The Canadian Northern Corridor Community Engagement Program: Results and Lessons Learned


  • Emily Galley
  • Katharina Koch
  • G. Kent Fellows
  • Robert Mansell
  • Nicole Pinto
  • Jennifer Winter



The Canadian Northern Corridor (CNC) Research Program is an investigation of the feasibility, desirability, and acceptability of infrastructure corridors in advancing integrated, long-term infrastructure planning and development in Canada. The Corridor Concept involves a series of multi-modal rights-of-way across mid- and northern Canada — connecting all three coasts and linked to existing corridors in southern Canada — for the efficient, timely and integrated development of trade, transportation, and communications infrastructure. Corridors are expected to make public and private infrastructure investments more attractive by reducing the uncertainty associated with project approval processes; sharing the costs associated with establishing and administering rights-of-way; decreasing negative environmental impacts; and moving to a more strategic, integrated and long-term approach to national infrastructure planning and development. A key outcome of corridor development is decreasing the existing infrastructure gap that persists between northern and southern Canadian regions and communities. The causes of this gap are complex and will require a diverse set of tools and solutions to resolve; the CNC is a useful conceptual tool to initiate discussions on northern infrastructure and to identify feasible and lasting solutions to address Canada’s infrastructure gap.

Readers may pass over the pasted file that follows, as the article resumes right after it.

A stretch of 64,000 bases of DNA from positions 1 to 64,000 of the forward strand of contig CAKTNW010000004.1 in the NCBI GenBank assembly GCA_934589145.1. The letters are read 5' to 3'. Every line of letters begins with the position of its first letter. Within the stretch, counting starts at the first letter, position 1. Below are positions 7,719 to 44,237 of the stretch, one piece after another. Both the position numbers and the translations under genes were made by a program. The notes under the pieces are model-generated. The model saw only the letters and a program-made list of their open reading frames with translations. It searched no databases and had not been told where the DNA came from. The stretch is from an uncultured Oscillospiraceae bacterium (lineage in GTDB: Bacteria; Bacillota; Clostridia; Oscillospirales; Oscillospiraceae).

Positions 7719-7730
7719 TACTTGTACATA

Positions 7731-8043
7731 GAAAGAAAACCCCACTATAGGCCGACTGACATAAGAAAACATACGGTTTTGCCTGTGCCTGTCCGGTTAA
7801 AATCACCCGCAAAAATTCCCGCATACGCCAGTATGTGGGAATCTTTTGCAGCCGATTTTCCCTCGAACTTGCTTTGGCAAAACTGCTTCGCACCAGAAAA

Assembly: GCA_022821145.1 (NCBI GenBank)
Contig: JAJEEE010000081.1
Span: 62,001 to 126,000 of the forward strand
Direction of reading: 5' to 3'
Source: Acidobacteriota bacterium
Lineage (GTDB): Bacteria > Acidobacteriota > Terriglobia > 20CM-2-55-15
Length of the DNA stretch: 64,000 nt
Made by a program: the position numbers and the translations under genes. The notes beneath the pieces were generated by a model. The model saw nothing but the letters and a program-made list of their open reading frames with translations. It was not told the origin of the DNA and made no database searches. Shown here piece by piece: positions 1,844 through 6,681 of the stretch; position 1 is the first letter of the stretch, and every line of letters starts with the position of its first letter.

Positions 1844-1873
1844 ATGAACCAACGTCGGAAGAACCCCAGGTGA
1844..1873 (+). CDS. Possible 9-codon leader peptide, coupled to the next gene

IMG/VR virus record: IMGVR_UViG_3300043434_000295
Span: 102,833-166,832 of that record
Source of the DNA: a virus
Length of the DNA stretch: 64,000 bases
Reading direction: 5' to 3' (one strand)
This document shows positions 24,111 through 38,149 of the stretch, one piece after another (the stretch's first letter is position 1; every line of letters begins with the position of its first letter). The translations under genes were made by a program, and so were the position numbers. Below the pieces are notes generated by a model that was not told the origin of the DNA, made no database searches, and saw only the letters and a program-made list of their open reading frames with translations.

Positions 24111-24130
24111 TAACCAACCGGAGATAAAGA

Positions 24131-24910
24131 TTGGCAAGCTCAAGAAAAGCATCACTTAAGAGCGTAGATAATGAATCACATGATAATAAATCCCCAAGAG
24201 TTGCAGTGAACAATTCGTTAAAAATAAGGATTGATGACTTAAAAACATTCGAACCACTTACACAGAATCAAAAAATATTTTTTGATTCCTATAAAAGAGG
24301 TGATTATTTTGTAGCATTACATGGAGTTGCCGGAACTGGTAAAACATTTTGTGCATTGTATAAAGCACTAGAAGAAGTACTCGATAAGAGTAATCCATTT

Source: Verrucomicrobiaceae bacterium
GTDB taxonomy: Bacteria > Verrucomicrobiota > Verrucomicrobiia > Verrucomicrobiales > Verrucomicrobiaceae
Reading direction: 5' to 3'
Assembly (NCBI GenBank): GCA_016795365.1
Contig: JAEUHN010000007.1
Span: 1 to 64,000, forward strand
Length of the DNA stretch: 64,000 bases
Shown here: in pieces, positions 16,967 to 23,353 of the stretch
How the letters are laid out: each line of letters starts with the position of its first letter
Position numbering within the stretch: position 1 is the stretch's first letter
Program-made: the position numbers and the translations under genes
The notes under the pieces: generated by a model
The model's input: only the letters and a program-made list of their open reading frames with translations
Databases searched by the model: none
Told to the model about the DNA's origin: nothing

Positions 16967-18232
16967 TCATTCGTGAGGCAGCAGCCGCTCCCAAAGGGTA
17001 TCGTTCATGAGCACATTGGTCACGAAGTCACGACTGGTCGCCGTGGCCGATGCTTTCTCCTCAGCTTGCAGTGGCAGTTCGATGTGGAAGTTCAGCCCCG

Research Papers